Sir Chris Hoy, Britain's most successful Olympian, has been honoured by the university that kick-started his cycling career.
The six-times Olympic gold medallist was named University of Edinburgh's alumnus of the year at a ceremony with students, staff and invited guests.
The award is made annually to former Edinburgh students deemed to have made "a significant impact in public life".
Sir Chris graduated from the university with a BSc in applied sport science in 1999. Receiving his award, the Edinburgh-born track star paid tribute to the role the university played in making him a top cyclist.
"My time spent studying at Edinburgh was a very important stage of my career. Not only was I working to improve my physical abilities, I was actually learning about the principles of what I was doing. On my visit, I was blown away by the facilities now available to the students here," he said.
"Some athletes follow blindly what their coaches tell them but, for me, it is all about trying to understand what is going on in your body as you cycle and reading the signals that your body is giving out. I have always been interested in the application of science to get every last ounce of effort out of myself. Others have had more natural ability but I have been able to work myself harder."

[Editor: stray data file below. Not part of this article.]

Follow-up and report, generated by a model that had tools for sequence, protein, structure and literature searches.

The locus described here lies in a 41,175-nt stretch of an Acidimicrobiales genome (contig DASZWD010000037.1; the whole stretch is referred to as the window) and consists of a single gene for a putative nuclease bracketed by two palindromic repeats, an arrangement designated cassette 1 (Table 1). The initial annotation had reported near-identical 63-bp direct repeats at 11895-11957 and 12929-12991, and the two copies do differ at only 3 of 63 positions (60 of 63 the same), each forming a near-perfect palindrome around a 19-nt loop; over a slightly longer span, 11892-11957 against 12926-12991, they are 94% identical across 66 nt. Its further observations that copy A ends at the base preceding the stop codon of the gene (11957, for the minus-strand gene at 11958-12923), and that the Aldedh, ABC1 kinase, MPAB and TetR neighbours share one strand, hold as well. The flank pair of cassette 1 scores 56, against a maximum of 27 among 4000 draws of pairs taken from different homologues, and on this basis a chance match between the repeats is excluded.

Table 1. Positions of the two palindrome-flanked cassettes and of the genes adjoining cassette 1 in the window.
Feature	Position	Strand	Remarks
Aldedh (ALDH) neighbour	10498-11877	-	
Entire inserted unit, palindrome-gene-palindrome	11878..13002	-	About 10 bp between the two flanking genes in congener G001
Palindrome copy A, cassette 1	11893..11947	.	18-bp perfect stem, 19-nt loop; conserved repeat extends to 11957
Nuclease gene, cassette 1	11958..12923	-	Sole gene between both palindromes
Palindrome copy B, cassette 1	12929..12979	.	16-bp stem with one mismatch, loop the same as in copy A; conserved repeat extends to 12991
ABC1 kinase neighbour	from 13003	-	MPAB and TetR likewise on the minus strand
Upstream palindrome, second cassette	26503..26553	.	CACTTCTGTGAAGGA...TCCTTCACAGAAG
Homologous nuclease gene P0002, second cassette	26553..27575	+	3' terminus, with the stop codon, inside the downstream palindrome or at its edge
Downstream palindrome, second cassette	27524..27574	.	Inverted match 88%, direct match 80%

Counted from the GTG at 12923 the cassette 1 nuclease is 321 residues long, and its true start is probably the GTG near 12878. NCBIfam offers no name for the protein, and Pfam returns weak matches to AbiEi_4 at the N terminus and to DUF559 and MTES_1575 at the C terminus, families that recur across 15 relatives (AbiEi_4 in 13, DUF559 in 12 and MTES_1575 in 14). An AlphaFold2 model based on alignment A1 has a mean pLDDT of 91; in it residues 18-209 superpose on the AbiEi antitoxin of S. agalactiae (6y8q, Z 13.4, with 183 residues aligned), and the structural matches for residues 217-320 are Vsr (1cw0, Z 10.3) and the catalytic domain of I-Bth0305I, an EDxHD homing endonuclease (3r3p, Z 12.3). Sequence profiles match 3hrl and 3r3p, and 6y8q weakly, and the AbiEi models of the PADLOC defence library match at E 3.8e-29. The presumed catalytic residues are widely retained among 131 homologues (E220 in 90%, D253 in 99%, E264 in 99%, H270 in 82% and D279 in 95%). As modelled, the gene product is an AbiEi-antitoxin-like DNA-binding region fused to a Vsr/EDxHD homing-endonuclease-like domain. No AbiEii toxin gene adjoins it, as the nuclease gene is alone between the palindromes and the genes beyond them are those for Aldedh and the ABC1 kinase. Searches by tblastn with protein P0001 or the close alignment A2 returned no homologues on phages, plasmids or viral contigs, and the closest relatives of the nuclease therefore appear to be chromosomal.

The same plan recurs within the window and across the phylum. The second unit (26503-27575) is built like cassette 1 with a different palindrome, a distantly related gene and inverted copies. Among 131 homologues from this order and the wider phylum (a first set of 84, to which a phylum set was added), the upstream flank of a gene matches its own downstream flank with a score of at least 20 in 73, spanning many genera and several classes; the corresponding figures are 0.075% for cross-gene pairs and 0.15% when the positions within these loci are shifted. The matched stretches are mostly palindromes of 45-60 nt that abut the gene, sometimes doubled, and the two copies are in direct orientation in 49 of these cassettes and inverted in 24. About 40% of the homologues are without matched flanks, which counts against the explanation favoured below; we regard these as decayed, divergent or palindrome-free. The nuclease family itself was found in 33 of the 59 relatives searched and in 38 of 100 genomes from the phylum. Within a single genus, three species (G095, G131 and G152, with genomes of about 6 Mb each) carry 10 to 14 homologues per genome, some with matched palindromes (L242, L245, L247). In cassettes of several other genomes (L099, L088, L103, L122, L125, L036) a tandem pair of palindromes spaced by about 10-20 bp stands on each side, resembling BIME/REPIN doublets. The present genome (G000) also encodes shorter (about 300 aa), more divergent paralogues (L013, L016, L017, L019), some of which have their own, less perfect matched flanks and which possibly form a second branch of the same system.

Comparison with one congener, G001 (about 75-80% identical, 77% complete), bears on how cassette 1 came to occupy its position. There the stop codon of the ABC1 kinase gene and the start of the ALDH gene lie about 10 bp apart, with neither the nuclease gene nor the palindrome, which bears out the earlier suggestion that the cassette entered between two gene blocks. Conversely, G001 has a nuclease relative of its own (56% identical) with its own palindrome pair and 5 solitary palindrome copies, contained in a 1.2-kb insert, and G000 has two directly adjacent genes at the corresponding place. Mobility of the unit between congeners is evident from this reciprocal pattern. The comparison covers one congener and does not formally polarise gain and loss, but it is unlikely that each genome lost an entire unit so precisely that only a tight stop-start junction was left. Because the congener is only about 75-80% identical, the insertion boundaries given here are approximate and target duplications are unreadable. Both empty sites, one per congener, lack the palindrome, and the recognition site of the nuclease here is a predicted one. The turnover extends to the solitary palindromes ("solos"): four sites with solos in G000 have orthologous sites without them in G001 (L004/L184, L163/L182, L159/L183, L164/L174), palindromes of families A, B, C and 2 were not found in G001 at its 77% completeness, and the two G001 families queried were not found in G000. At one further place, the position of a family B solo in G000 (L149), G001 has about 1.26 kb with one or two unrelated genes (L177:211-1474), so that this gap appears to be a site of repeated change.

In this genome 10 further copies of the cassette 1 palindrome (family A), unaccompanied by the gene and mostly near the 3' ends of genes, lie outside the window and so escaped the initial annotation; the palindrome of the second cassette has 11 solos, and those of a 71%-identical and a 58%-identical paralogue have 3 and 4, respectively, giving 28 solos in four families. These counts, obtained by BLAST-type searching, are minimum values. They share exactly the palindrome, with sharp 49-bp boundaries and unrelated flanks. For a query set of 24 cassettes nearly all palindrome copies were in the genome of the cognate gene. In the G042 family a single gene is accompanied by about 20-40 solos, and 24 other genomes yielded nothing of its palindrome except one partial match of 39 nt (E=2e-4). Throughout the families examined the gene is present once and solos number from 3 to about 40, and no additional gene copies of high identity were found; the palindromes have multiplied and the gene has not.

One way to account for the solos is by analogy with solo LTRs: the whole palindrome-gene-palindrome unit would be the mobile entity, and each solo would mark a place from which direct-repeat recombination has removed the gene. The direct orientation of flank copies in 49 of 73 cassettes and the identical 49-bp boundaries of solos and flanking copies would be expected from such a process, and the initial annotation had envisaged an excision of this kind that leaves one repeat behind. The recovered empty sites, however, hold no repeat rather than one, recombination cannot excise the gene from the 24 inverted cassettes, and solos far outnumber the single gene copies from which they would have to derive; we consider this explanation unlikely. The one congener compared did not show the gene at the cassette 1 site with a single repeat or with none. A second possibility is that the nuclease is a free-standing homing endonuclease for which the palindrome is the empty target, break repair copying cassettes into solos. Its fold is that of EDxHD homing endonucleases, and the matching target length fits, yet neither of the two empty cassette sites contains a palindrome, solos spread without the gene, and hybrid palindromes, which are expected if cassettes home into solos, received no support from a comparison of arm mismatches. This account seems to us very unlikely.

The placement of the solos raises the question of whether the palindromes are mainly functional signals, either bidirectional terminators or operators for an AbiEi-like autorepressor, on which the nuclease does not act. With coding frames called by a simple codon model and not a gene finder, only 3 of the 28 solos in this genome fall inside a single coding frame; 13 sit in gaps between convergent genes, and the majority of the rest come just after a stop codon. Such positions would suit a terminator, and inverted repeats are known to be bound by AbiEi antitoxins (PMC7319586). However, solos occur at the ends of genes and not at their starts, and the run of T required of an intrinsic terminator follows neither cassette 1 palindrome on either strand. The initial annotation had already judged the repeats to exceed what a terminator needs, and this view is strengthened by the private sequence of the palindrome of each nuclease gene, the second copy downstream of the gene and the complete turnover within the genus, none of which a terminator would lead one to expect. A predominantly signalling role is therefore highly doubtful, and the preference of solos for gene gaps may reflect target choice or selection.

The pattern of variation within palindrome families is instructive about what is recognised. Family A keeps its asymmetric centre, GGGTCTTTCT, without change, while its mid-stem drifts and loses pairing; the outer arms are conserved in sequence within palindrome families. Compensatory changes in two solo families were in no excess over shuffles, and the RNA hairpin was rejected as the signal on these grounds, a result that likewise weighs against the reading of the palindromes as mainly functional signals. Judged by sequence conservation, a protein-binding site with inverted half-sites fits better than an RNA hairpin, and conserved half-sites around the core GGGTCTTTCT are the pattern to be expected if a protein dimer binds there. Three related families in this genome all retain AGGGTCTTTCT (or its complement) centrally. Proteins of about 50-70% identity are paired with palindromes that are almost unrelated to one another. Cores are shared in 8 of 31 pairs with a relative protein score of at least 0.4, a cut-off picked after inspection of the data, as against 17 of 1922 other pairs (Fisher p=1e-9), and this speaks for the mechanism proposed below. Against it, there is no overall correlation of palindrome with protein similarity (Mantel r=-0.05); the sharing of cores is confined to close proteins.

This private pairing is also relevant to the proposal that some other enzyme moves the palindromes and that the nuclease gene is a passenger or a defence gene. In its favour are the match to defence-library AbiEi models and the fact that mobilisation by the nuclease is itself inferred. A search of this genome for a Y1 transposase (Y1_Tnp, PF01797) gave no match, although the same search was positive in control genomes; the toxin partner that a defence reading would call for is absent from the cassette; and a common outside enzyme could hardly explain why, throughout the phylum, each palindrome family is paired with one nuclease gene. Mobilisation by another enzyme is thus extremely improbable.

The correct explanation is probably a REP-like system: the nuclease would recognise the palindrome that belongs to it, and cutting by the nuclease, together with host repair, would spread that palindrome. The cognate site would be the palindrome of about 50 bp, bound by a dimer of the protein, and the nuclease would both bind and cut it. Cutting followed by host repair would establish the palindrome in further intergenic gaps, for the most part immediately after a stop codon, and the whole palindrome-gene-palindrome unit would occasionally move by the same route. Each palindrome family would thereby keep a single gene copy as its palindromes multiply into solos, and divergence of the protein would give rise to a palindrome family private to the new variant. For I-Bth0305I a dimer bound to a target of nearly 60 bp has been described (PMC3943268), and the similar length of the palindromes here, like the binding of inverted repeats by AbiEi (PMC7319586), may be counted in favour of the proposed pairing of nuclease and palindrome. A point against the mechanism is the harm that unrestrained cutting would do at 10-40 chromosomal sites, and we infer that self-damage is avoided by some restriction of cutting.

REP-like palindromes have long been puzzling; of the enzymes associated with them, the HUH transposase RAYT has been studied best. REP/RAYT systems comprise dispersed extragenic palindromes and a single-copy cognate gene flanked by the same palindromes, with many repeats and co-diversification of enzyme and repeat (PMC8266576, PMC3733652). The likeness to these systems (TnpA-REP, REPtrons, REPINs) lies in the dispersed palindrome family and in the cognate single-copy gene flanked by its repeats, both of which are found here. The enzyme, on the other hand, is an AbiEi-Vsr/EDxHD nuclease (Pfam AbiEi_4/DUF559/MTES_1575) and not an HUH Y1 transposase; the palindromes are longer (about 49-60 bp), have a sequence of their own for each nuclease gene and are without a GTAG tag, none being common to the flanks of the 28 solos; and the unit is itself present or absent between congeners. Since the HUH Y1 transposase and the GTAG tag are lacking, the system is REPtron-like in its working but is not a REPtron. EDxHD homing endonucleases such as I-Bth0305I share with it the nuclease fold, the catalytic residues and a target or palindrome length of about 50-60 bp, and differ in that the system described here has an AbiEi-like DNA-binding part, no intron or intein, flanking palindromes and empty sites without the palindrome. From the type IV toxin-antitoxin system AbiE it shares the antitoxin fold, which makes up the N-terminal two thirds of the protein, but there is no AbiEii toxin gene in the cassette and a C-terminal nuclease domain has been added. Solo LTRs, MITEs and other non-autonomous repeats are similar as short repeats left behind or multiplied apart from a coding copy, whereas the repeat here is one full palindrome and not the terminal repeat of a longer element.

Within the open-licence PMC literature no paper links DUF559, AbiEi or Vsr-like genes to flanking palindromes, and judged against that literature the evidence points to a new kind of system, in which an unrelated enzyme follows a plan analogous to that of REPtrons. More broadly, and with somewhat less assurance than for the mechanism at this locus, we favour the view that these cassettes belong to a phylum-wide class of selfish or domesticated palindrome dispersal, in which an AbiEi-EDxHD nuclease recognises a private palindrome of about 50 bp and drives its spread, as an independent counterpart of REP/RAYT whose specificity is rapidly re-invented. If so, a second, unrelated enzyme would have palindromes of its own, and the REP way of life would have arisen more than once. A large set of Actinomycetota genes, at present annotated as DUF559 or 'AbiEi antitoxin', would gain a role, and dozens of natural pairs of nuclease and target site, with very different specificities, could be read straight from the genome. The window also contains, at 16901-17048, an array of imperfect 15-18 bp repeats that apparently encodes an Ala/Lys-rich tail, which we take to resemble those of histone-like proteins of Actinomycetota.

Sir Chris was given the award by university principal and vice-chancellor Sir Timothy O'Shea at the ceremony in the institution's centre for sport and exercise.
One of Sir Chris's former tutors recalled the cyclist's time at the university. Simon Coleman said: "We have worked closely with the Scottish Cyclists' Union so we knew that Sir Chris could go right to the top. He was an excellent student and we are very proud of him.
"He had a background in physics and maths so he could handle the scientific aspects of the course, and he was able to apply that to his own performance. Sir Chris always managed to fit his training around his studies. When you reach that level, motivation is not usually a problem."
The honour comes on top of a momentous few weeks for the athlete, who won two gold medals at the 2012 Games, taking his Olympic gold total to six. Last month he was on the official victory parade of Scotland's Olympic and Paralympic heroes through the streets of Glasgow. A short time later he was awarded the freedom of his home city.